Robert Lufkin 25:38
so for for nutrition for managing patients with with metabolic disease, do you find that one? One approach works well for everybody? Or is it some people are keto? Some people are? You know, I don’t know high high carb? Or is there one general philosophy for your practice?
Vyvyane Loh 26:00
So if you look at the RDA for carbs, and I don’t really go by RT, but just let’s just put that out there, right? It’s around 120 130 grams of carbs a day. And the average American manages to supersize it to about 400 grams a day. Right? So if we just look there, everybody will benefit from cutting the carbs. Because even if we use the RDA, right, which, again, I don’t really go back, but if we went by the lowest standard possible, everybody’s still failing. Right? See how I sneak that in the lowest standard possible? Yeah, okay. Anyway, we were the lowest standard possible was still failing. So I do as an as a start, get most people off the extraneous carbs, especially in the process, carbs and so forth. So it’s a good approach, population wise here, I would say, and then beyond that, there are other you know, things to consider, because I do look at that protein intake pretty carefully. And because I’m very interested, personally, right now, what we’re, we go into these phases. So right now we’re into the sarcopenia phase, right? And sometimes these phases last six months a year for me, and then I just go into a deep dive and things like that. So I’ve been interested in body comp and sarcopenia for a long time. So you know, prioritizing the protein, how do you dose it, you know, frequency, that kind of different age populations? Because, as you know, as we’re older, we have more anabolic resistance. So how do you deal with that? Right, maybe, and then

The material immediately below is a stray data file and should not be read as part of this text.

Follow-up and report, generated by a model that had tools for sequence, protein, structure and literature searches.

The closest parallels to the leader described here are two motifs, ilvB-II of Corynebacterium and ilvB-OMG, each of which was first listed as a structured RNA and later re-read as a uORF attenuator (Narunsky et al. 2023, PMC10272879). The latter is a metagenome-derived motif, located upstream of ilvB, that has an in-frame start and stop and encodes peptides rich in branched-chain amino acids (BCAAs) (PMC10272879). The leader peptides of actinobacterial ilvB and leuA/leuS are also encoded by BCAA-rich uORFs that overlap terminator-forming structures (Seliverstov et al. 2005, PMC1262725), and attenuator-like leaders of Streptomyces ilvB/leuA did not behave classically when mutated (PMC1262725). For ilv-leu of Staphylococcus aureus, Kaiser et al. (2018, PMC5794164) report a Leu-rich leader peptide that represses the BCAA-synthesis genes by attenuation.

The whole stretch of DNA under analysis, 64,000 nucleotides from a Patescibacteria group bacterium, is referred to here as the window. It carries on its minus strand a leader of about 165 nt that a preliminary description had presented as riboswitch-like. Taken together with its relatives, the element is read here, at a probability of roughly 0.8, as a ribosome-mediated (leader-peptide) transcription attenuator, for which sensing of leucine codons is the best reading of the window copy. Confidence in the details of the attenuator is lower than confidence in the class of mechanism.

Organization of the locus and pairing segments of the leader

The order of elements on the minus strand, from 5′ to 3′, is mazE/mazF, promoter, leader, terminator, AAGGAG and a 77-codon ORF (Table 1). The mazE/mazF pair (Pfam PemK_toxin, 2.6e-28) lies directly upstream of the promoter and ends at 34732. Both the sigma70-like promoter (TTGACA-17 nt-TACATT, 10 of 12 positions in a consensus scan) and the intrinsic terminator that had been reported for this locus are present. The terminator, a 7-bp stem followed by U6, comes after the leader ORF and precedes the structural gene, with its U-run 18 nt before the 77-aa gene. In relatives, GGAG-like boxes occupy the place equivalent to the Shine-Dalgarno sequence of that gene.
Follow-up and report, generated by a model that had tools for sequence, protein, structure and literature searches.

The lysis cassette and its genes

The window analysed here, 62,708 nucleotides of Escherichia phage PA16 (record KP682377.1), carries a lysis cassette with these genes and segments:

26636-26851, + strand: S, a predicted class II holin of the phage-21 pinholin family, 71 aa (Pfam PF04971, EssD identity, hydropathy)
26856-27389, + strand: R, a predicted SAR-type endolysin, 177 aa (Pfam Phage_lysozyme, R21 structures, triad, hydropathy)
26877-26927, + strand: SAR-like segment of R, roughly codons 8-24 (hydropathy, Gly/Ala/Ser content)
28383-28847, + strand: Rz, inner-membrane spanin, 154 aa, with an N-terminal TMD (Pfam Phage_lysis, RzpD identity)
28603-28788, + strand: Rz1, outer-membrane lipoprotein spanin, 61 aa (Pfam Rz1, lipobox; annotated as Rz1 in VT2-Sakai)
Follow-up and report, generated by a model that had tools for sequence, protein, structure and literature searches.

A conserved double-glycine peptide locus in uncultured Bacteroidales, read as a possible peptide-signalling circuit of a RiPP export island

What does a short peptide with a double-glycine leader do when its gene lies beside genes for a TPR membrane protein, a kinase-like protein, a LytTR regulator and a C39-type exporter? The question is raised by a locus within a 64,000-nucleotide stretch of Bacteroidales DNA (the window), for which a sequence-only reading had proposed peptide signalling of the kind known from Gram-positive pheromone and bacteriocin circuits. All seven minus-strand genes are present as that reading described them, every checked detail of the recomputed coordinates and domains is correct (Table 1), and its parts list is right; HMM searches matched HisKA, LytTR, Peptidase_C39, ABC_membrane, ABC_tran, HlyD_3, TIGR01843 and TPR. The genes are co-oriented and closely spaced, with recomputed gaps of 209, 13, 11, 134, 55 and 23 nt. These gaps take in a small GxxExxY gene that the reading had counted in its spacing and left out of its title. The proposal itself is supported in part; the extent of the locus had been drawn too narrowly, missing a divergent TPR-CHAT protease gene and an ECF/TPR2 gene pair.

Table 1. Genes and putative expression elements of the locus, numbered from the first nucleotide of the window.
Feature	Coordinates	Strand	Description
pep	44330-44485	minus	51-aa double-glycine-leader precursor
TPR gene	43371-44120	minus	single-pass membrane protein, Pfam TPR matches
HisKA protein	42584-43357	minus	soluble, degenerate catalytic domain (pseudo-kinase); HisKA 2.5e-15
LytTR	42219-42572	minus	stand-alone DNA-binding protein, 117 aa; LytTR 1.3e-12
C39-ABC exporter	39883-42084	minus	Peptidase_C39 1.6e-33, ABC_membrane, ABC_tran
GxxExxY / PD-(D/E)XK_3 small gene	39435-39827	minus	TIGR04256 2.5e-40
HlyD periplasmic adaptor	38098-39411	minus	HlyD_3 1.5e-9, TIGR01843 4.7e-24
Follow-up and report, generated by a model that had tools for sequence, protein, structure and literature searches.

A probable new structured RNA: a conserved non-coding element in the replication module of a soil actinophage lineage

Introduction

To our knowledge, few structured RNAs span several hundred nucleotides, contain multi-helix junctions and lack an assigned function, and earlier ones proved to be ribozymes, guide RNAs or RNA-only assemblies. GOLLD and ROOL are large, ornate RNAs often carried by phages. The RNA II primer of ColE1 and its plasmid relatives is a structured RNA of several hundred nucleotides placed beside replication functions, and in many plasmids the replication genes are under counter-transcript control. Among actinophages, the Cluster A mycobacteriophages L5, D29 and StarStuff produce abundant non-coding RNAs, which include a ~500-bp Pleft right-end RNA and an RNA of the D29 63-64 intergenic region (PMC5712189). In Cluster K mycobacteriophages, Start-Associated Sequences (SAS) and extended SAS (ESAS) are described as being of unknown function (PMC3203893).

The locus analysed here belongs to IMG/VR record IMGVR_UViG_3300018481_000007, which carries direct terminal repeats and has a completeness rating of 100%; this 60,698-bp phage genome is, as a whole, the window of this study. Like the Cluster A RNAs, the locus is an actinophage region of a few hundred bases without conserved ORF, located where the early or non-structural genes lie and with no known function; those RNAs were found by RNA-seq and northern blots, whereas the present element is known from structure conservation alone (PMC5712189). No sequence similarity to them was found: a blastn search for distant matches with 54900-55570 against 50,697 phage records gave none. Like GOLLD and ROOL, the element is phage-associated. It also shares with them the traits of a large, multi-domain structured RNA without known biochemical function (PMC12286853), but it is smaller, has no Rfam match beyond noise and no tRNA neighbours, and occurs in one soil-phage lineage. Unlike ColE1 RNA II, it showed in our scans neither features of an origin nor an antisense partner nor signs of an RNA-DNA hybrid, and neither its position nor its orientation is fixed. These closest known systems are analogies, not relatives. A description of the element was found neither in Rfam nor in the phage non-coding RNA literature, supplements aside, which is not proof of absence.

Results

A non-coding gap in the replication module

Robert Lufkin 27:39
define, excuse me, define sarcopenia for our audience, if we’ve heard that we’ve talked about it before, but just remind them?
Vyvyane Loh 27:48